Last night I got my hair colored and cut, which meant I had a lot of time to sit and read the magazines at the beauty shop. I picked up a copy of Elle, which I never read, and was sucked in to a weird world of cosmetic surgery and high-end beauty maintenance. I found out things I never knew about the mechanics of a facelift and the various pads of fat on your face and which ones start to sag first. The world of Elle readers is obviously a more moneyed place than the one in which I live, and it's one where I would not want to live. The surgically perfected body and face is not only the ultimate status symbol in that world, it's an obligation. I am hoping that most of the readers actually do not think this way, but I'm not so sure. Then there was a little essay by a male writer on "Barefoot Cinderellas," which was a musing on how the writer finds beauty in the chubby, the old, the four-eyed, and the flat-chested. This might have had the potential to be charming if he had not made it so clear that he found these women attractive partially because he was "confident [he] would face little competition" for their favors and if he did not seem sort of amazed by his own magnanimity in his unconventional tastes. Newsflash for this writer: You don't deserve a medal for going after the fat chick because you think she'll be an easy lay. Seriously. The whole thing reminded me of the "Loving a Larger Woman" story that played such a prominent role in Jennifer Weiner's Good in Bed (her first and still her best novel). I wonder if Walter Kirn was the original Bruce Guberman. I think this essay was designed to be a cautionary tale for those few Elle readers who thought that there might be some value in "inner beauty." You can almost hear the Elle editors laughing from here at the very thought.
How many women do you know who buy Kirn's idea that any of us who are imperfect in some way need to feel grateful for a man's attention, even to the point that we should work hard to keep it. I know I've been there. I loaned men money (never to get it back, of course), helped them with their homework, even put up with some really awful treatment just because I didn't think I deserved better. Somewhere along the line we need to start telling ourselves we deserve better. I think that's why the "Dancing Queen" scene in Mama Mia is so empowering. It's sort of a message to women to stop buying that kind of line.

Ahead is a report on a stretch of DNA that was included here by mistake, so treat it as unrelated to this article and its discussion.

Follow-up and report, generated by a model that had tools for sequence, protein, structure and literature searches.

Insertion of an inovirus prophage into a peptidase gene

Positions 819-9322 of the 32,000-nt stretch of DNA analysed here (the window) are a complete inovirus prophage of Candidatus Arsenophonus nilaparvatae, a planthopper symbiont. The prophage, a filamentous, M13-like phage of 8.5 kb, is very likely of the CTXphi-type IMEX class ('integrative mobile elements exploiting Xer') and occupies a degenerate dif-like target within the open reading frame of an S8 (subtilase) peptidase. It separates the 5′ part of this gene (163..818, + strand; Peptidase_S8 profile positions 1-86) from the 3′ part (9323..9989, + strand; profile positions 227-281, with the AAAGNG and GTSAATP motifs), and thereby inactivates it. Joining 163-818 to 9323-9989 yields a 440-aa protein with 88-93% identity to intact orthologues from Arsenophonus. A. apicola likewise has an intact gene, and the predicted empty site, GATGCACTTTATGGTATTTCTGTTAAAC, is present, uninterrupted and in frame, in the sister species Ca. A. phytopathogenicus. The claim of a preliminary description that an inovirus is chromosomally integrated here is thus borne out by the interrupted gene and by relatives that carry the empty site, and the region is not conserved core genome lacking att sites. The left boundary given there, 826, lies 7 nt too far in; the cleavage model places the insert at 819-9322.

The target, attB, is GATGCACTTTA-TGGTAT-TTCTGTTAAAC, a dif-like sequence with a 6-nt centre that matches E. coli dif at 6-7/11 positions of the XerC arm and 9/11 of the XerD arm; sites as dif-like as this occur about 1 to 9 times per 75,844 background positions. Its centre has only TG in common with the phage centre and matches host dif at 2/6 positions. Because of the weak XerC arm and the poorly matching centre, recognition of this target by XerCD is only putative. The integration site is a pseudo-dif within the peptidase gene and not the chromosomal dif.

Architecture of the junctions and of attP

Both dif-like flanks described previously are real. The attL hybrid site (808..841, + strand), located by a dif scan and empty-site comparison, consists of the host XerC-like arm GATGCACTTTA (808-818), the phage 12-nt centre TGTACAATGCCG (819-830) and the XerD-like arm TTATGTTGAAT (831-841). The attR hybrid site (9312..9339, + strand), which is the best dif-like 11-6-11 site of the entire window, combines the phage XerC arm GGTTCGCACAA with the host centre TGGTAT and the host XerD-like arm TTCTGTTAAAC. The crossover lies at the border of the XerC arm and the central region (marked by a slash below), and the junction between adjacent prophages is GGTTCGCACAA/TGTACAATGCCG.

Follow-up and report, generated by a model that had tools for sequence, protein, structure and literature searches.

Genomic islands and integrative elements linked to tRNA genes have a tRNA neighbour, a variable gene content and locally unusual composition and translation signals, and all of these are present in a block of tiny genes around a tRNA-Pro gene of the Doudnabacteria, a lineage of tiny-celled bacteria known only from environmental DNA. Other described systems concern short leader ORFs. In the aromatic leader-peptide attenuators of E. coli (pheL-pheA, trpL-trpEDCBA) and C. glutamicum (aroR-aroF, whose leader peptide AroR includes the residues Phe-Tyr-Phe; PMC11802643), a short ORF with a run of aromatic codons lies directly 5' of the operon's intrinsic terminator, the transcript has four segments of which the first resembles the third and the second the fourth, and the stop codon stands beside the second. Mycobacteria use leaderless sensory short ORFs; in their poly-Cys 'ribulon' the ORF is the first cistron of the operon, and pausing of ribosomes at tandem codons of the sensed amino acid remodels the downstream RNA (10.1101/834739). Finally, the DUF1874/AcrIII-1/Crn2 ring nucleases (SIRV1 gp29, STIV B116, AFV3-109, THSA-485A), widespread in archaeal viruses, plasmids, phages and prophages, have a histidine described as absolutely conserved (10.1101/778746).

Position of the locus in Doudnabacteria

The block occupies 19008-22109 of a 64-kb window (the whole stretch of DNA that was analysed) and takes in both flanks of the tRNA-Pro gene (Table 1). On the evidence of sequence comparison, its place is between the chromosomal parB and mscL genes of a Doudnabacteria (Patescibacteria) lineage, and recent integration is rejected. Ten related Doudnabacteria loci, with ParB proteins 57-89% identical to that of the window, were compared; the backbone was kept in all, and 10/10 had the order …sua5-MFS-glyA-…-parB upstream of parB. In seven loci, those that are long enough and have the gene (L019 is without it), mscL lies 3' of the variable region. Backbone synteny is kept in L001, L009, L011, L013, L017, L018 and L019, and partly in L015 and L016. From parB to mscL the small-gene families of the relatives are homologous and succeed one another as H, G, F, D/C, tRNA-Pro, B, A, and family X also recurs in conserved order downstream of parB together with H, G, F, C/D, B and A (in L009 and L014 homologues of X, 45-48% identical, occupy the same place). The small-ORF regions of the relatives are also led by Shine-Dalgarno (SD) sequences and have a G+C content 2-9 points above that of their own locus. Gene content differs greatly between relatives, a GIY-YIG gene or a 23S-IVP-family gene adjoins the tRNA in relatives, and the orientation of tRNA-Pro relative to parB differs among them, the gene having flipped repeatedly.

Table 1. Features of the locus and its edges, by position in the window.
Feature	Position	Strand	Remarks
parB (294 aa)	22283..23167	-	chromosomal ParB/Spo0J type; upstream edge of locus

Yesterday I was listening to NPR and there was a story about John McCain's difficulties finding a consistent, compelling narrative that could capture the imagination of voters. During the course of the campaign, he kept auditioning new narratives: the maverick narrative, the guy who could cross party lines, the dealmaker, the comeback kid, the guy who stuck to his guns, the guy who was above partisan politics, etc. These narratives were problematic because they started to contradict each other and turned into a "John McCain vs. John McCain" narrative.
I think it's true that as human beings, we're natural storytellers. The key to serious change might just be finding a better storyline for ourselves. Watching "The Biggest Loser" last night, I saw how the show has transformed the story for the contestants from "I am so fat and hopeless, I need to do whatever it takes," to a couple of new storylines. One is, "I'm an athlete." I see this on Jillian's team, mostly. The contestants start to focus on all the amazing things they're learning to do, and the weight loss is mostly a side effect. On the Blue Team, the dominant narrative is about gameplay. They are completely satisfied to manipulate their weight loss to get rid of players they don't like or perceive as threats. Either narrative changes the focus to something that makes the contestants feel powerful.
I think that maybe part of my problem is that somewhere along the way I lost focus on the narrative that really worked for me, the triathlete in training. Along the way I became just another dieter. It's hard to get excited about a storyline where losing is winning and the way to win is to be satisfied with less. Training for a race is all about power and intensity, so I think it's time to get back in touch with my inner athlete. I caught a glimpse of her the other day when I noticed my muscle definition in the mirror, and a little more of her yesterday, when I couldn't wait to get out for a run in the park.